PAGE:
I’ve been recently trying to understand creativity and the creative process in terms of play.
When I first got to college they showed us a film that at first glance wasn’t that interesting to me but as of recent has been popping up in a lot of conversations when I try to explain how I’m making my 1st year MA film.
“Balance” is an animated short directed by Christoph and Wolfgang Lauenstein, the way the film was “designed” sparked my interest in how to introduce ludological principles in film. The film starts off with five characters standing on a platform which is floating in space, when one of the characters moves he tilts the platform, forcing all other characters to move so they don’t fall off. The emergent property of this playful mechanic (and play, in general) is that it generates interest.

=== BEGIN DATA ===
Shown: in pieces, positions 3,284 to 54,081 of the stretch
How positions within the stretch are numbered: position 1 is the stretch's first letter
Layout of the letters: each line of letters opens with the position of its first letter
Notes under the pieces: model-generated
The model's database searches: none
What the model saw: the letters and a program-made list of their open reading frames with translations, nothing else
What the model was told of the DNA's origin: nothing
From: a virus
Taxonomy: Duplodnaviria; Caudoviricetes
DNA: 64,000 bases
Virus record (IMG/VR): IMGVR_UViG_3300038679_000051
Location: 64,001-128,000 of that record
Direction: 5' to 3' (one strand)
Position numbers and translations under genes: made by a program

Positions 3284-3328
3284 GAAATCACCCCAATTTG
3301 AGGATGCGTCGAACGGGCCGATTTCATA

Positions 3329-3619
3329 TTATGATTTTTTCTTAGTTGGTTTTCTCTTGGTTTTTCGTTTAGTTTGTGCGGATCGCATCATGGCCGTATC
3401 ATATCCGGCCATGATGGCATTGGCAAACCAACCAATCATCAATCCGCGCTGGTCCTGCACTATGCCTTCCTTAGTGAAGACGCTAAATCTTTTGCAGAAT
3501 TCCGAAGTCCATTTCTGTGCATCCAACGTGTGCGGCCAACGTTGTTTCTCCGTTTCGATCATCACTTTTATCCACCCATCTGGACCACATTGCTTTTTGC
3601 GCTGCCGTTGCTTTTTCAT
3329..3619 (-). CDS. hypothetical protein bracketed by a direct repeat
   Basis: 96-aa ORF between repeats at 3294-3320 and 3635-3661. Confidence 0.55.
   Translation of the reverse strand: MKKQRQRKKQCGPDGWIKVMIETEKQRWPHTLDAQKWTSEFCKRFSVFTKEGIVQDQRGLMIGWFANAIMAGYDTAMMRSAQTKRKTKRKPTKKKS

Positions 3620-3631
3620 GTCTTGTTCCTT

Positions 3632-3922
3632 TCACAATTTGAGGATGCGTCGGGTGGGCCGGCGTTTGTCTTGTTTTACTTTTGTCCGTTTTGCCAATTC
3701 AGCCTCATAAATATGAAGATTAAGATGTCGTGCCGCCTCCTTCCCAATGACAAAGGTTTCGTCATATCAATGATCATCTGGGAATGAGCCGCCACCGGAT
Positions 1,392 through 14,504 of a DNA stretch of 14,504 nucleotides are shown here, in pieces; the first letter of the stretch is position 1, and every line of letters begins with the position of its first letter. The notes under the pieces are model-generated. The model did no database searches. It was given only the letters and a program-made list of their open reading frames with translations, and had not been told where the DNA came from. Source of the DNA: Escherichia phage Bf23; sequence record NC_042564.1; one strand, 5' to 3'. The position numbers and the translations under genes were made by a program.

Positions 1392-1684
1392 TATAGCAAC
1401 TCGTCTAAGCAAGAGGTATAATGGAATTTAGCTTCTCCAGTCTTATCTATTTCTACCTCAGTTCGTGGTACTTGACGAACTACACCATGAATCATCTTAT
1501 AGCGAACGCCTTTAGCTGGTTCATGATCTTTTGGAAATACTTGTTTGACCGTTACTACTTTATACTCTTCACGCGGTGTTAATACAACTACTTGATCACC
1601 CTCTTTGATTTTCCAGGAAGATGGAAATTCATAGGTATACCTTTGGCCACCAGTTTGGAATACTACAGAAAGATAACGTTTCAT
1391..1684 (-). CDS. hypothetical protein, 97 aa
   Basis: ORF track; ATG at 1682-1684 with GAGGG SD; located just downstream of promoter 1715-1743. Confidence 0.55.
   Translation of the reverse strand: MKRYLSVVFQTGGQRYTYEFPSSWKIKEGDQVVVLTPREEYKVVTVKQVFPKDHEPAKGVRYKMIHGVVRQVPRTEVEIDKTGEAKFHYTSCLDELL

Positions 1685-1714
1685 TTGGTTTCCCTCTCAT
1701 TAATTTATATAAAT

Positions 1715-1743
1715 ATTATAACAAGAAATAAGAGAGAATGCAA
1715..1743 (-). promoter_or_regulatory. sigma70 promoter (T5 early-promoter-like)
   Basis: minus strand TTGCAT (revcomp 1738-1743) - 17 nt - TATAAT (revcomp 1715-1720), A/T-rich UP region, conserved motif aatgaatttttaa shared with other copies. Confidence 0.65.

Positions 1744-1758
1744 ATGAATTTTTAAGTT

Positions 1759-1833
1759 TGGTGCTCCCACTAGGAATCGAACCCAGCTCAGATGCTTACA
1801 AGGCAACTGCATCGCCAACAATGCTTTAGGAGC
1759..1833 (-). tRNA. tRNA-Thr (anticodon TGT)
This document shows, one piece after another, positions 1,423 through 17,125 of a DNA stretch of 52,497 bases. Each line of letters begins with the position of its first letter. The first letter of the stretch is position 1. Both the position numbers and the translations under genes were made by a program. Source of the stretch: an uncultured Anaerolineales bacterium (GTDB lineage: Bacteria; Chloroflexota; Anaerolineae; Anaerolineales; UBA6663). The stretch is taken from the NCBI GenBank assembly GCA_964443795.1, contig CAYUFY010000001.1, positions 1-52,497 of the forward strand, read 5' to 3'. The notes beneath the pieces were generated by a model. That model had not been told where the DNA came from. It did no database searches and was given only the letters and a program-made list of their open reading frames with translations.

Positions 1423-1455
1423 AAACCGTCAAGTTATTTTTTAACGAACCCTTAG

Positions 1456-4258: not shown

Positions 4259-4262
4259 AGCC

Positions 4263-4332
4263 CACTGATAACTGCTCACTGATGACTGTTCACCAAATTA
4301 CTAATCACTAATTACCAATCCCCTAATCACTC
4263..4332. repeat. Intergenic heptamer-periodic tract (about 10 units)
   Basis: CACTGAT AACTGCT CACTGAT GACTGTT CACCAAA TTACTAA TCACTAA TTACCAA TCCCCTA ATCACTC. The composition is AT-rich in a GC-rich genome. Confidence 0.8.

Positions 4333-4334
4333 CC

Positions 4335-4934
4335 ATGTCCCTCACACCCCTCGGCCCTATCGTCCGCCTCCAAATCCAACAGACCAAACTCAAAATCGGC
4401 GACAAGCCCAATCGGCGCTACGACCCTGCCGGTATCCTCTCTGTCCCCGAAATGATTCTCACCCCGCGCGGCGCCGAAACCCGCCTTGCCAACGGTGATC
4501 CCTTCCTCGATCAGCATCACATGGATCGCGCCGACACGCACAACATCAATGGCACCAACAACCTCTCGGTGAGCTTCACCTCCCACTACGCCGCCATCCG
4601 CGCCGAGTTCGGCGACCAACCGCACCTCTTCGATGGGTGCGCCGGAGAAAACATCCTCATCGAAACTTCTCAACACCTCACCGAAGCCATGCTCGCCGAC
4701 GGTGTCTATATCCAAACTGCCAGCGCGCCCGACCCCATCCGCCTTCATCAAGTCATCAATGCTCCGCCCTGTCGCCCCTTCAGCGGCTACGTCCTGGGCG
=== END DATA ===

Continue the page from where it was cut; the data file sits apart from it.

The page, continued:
So how can we apply this to character design?
Good design emerges from limited environments, so set some arbitrary limits! I’ve recently realized that the hard and creative part of free-form design whether it be animation, film, music, character design etc. is inventing new games and rulesets with which in I create these designs.
I’ve linked a puzzle called “Sedici Animali” designed by Enzo Mari in which you can see an example of designing playfully by putting arbitrary limits like:
-All designs need to fit within the margins of a square
-All characters have to interlock
-There has to be 15+ creatures
The interesting consequence of these seemingly arbitrary rules we can set for ourselves is that it facilitates new and interesting form language and consistency, and also, at least for me, makes the creative process fun!
You can follow my progress HERE